19 Mar-9 Apr 2008. The Monty & Company Art Gallery in Rome's colourful Monti neighbourhood displays the works of the contemporary painter Eugenio Sgaravatti.
The painter, who lives on the Appia Antica but who comes from a Venetian family of botanists, defines himself as a self-taught artist who matured his artistic vocation during the numerous journeys he made for FAO, where he used to work.
From his habit of collecting cars, stamps, wooden elephants, as well as languages, Sgaravatti developed a sort of obsession for the repetition of geometrical elements in his paintings that constantly recall mathematical outlines. Although his art is apparently abstract, his paintings always hide some sort of form, a sudoku schedule, a skyscraper or a human figure. In order to understand his paintings better, Sgaravatti suggests his viewers imagine flying over the countryside on a clear day in June. They would see an endless expanse of coloured rectangles formed by yellow corn fields, green grass and red tennis courts, crossed by roads, which form suggestive land art as well as unintentional sudoku.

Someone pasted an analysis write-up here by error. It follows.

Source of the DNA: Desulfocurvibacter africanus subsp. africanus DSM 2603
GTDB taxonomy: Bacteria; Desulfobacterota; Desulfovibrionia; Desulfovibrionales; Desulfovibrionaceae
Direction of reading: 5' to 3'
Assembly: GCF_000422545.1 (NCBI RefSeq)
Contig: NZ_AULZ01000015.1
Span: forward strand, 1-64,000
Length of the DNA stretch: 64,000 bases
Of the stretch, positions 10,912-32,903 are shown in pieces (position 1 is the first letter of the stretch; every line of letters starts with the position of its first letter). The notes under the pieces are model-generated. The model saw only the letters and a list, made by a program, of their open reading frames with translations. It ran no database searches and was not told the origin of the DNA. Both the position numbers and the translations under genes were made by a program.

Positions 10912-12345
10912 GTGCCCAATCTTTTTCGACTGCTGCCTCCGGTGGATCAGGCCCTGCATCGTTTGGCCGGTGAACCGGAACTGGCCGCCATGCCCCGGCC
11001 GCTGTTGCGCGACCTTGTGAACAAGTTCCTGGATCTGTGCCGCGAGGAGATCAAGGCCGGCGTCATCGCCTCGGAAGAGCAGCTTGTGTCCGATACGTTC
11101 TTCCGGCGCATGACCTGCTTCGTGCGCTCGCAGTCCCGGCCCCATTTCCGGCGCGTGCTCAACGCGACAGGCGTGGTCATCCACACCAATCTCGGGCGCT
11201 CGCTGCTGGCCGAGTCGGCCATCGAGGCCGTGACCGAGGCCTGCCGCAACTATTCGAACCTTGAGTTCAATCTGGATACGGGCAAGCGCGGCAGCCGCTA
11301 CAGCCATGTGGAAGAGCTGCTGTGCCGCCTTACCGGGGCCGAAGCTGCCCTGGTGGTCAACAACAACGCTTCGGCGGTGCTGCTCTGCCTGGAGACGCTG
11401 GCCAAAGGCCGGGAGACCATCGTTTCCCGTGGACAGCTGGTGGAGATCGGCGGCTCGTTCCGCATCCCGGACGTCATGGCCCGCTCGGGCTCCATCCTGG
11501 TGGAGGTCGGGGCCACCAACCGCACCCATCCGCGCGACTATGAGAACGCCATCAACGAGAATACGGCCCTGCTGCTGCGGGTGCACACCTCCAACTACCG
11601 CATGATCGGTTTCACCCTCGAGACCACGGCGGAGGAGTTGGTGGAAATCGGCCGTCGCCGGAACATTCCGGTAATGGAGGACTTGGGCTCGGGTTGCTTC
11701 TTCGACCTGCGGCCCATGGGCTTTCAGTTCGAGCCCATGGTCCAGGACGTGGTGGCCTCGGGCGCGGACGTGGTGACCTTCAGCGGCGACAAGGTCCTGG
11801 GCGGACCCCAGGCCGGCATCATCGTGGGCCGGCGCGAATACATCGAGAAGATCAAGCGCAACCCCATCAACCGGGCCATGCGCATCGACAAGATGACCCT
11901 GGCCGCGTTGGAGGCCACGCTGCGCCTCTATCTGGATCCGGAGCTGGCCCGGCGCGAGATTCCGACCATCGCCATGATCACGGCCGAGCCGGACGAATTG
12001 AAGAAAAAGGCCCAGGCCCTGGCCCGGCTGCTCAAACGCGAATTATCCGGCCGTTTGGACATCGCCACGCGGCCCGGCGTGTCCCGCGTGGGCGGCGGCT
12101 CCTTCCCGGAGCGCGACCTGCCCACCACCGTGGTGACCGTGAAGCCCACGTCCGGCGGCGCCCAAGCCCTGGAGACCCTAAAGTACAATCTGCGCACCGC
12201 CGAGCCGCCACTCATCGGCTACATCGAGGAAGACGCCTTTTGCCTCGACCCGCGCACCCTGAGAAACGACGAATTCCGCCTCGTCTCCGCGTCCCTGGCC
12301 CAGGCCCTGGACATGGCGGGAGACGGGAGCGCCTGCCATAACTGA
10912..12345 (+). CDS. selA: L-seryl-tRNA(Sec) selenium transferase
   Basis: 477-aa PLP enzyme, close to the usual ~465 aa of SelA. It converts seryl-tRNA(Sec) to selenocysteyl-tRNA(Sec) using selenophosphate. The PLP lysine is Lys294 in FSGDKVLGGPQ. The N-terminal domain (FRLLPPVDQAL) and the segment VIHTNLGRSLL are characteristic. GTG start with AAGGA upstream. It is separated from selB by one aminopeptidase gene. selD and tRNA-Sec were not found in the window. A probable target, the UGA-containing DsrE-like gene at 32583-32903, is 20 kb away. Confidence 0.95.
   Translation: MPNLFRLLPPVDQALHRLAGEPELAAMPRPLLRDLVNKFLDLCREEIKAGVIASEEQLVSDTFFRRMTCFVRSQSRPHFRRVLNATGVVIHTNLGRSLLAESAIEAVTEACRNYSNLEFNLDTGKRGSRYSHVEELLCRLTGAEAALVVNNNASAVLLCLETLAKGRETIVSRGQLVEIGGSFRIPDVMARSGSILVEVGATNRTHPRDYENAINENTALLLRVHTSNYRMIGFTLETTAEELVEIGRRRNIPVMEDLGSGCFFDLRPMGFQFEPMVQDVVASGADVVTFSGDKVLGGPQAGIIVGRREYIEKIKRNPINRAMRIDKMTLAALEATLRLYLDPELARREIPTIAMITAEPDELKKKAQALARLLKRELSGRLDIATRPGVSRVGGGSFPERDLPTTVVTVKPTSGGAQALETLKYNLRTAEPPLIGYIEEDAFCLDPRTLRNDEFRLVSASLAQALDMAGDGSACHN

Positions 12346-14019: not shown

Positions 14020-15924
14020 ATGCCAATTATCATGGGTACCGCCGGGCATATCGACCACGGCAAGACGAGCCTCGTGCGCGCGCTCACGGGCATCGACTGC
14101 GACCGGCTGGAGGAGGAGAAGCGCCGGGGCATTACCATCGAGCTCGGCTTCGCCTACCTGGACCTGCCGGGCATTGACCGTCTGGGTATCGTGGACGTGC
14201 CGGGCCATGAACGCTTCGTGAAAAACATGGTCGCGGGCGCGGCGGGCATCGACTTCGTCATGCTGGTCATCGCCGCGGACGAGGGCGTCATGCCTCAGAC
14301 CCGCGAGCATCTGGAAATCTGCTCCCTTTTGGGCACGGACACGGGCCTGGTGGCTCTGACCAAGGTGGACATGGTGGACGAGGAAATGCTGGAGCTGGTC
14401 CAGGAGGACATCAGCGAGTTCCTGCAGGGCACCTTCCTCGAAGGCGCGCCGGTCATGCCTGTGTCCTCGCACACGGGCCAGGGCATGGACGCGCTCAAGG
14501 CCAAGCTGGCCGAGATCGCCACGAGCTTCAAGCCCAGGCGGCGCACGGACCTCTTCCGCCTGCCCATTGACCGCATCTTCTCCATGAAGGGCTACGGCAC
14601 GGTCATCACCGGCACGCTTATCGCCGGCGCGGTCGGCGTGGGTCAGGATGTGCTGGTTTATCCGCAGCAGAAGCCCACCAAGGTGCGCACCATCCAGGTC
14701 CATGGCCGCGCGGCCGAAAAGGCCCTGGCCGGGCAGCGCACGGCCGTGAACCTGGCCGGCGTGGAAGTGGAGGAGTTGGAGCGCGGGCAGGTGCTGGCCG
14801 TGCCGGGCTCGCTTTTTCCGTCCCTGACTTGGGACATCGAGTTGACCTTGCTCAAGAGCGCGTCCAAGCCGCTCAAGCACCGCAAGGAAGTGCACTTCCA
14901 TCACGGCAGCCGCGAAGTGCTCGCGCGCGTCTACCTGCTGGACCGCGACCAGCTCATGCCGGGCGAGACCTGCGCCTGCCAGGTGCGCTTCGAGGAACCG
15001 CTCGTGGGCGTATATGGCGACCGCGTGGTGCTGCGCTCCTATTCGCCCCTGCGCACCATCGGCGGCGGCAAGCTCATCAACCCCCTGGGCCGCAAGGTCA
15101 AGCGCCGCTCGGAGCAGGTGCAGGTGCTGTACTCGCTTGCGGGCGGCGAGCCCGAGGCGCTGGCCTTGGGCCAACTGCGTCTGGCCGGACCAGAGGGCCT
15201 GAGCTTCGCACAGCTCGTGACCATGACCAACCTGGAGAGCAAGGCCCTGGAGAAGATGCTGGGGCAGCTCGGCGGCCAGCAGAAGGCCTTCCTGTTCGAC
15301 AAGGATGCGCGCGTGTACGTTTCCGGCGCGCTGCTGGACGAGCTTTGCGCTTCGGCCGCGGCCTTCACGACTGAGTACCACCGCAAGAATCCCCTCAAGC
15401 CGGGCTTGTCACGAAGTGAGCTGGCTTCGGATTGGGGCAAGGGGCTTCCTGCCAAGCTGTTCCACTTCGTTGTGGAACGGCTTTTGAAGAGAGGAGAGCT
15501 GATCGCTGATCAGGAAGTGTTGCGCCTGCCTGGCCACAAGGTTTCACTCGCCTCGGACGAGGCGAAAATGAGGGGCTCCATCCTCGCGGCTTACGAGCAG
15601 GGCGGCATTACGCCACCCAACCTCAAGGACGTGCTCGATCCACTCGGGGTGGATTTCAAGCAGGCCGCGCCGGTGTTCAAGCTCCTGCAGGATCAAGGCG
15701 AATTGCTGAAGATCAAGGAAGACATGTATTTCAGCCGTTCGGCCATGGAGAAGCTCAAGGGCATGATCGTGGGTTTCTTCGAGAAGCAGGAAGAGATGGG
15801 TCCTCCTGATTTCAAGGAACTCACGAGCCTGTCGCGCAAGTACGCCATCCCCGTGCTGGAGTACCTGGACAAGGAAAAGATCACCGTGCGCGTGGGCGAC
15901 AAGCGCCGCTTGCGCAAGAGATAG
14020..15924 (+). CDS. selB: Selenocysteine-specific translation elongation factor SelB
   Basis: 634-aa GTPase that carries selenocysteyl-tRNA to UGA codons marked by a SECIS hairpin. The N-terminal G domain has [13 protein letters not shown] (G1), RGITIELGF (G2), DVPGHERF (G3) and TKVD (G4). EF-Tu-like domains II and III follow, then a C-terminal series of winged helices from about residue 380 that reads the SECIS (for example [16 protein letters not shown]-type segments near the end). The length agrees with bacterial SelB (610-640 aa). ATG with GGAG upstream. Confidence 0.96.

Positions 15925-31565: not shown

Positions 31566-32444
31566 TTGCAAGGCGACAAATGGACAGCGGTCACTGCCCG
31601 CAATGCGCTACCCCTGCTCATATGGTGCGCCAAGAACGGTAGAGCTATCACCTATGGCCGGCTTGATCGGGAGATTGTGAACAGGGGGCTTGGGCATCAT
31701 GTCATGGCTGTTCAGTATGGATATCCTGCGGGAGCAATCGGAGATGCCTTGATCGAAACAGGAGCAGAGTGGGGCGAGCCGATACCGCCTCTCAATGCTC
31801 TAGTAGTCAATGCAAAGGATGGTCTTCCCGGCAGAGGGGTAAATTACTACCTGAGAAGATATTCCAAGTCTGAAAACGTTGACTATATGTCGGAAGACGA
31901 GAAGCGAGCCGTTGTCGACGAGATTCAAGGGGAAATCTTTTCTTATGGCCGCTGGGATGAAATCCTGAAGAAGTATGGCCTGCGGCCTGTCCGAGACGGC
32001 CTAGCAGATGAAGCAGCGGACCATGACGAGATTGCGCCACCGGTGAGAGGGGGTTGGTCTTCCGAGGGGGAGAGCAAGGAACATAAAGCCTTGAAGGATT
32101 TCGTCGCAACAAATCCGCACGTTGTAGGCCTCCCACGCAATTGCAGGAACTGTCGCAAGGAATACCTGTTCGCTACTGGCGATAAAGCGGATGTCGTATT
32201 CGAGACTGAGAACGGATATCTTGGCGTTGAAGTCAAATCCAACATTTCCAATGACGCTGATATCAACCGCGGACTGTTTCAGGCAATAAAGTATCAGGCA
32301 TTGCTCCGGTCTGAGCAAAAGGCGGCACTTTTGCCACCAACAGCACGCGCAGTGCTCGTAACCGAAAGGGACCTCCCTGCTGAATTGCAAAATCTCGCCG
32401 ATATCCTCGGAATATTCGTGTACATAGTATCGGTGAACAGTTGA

The artist uses metallic colours, glittering paints, oil paintings, temperas and acrylics, spread on wood boards or aluminium slabs, then lacquered as in a car